Both Nike and Adidas are ramping up the use of 3D printers, and each company is spitting out prototype shoes faster than ever before.
The use of 3D printers has helped these shoe manufacturers to design, modify and produce prototype shoes at a faster pace with less cost and manpower than ever before.
In particular, Adidas tells The Financial Times that it has been able to cut its prototype evaluation period from four to six weeks to one or two days. The company was able to cut the number of technicians needed to produce the shoe from 12 employees to two.
"Within six months we were able to go through 12 rounds of prototype iterations that we fully tested, and ultimately we were able to make super dramatic improvements to our products," Shane Kohatsu, innovation director at Nike said to the Financial Times.
Bruce Bradshaw, director of marketing at Stratasys, an Israeli 3D printer manufacturer, told FT that fully printable shoes aren't likely to hit the mainstream market yet, but such footwear - provided 3D printers become faster and more flexible materials could be printed off - could be commonplace in the near future.
Currently 3D printed materials are limited by the size, and the speed, of 3D printers. But, as Business Insider points out, manufacturers stand to save on creating prototypes and low volume equipment parts.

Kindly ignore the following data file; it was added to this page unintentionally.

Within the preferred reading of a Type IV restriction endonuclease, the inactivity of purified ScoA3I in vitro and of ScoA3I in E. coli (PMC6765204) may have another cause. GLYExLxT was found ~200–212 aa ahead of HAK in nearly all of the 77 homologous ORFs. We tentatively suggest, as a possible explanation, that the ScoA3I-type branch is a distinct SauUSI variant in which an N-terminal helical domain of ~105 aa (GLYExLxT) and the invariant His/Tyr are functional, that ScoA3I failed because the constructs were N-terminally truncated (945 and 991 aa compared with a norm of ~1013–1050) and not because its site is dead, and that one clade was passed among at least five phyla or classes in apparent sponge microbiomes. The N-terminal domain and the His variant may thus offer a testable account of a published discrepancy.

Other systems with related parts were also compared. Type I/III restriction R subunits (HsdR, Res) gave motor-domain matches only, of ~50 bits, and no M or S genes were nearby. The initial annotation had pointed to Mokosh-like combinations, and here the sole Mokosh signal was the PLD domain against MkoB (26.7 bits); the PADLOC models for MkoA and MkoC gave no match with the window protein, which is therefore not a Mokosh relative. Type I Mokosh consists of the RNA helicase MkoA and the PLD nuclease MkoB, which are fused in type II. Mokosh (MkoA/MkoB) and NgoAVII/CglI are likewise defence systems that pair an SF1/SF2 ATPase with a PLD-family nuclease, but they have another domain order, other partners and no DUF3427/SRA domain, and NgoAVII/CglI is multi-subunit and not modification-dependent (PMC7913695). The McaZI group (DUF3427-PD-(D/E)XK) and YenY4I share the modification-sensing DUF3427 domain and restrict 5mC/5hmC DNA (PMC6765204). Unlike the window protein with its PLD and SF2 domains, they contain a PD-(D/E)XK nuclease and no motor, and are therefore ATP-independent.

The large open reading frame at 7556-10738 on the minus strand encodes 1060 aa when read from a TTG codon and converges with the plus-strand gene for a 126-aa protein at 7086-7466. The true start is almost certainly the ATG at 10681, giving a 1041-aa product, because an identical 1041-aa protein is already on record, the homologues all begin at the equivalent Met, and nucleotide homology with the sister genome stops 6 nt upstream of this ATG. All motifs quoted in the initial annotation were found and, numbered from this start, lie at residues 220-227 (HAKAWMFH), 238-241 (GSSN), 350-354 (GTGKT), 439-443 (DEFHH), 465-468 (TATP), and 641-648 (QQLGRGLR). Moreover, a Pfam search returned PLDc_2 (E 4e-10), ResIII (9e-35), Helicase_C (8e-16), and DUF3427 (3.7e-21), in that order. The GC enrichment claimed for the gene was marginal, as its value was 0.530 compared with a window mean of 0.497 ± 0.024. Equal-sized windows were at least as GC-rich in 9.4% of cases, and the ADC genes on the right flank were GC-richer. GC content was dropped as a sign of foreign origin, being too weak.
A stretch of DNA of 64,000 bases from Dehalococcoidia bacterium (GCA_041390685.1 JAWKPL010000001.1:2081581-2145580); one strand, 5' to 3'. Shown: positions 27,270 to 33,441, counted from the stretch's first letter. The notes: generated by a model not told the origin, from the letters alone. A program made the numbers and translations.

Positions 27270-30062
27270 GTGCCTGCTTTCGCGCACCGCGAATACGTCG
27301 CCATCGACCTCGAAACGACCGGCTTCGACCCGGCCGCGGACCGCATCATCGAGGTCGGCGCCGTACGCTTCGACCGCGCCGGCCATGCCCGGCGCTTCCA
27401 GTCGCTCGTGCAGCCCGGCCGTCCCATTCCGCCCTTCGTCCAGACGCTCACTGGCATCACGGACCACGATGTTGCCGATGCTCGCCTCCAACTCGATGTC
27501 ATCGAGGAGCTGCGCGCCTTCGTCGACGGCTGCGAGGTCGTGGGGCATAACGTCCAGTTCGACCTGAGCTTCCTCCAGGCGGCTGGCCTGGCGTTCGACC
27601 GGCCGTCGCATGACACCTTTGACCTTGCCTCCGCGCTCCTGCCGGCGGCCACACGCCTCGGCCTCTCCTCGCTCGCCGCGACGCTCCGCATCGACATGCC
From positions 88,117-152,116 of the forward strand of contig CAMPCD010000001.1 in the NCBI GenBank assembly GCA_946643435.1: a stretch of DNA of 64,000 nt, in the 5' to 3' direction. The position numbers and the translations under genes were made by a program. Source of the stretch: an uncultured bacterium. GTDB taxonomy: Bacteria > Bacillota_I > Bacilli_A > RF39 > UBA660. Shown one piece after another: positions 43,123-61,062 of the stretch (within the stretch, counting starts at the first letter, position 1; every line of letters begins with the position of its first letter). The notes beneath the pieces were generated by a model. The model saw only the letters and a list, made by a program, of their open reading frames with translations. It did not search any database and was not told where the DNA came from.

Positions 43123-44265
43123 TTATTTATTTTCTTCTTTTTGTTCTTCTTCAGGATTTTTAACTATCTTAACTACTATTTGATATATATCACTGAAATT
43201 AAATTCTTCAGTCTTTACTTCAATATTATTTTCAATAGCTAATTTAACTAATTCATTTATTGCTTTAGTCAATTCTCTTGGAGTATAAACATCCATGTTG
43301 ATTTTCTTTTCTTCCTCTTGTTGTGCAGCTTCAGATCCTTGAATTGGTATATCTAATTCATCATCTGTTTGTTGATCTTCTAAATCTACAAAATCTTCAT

3D printers are already experimenting with soft plastics capable of stretching and bending, but any printed shoe will need to be durable under a variety of situations. That's also why no 3D printed shoe is being sold to consumers.
And it's not just athletic footwear companies which are experimenting with 3D printed shoes. Designers, like Earl Stewart and Campana Brothers, are toying with incorporating 3D printed plastics with top-of-the-line shoes.
Of course, 3D printing has a variety of uses outside of the sartorial. Just recently, doctors saved an baby's life with a 3D printed windpipe, allowing the small boy to breathe.
Airplane manufacturers, too, are finding uses for 3D printed parts, both replacing heavy parts with lighter plastics and creating curved and efficient parts to difficult to make with traditional manufacturing methods.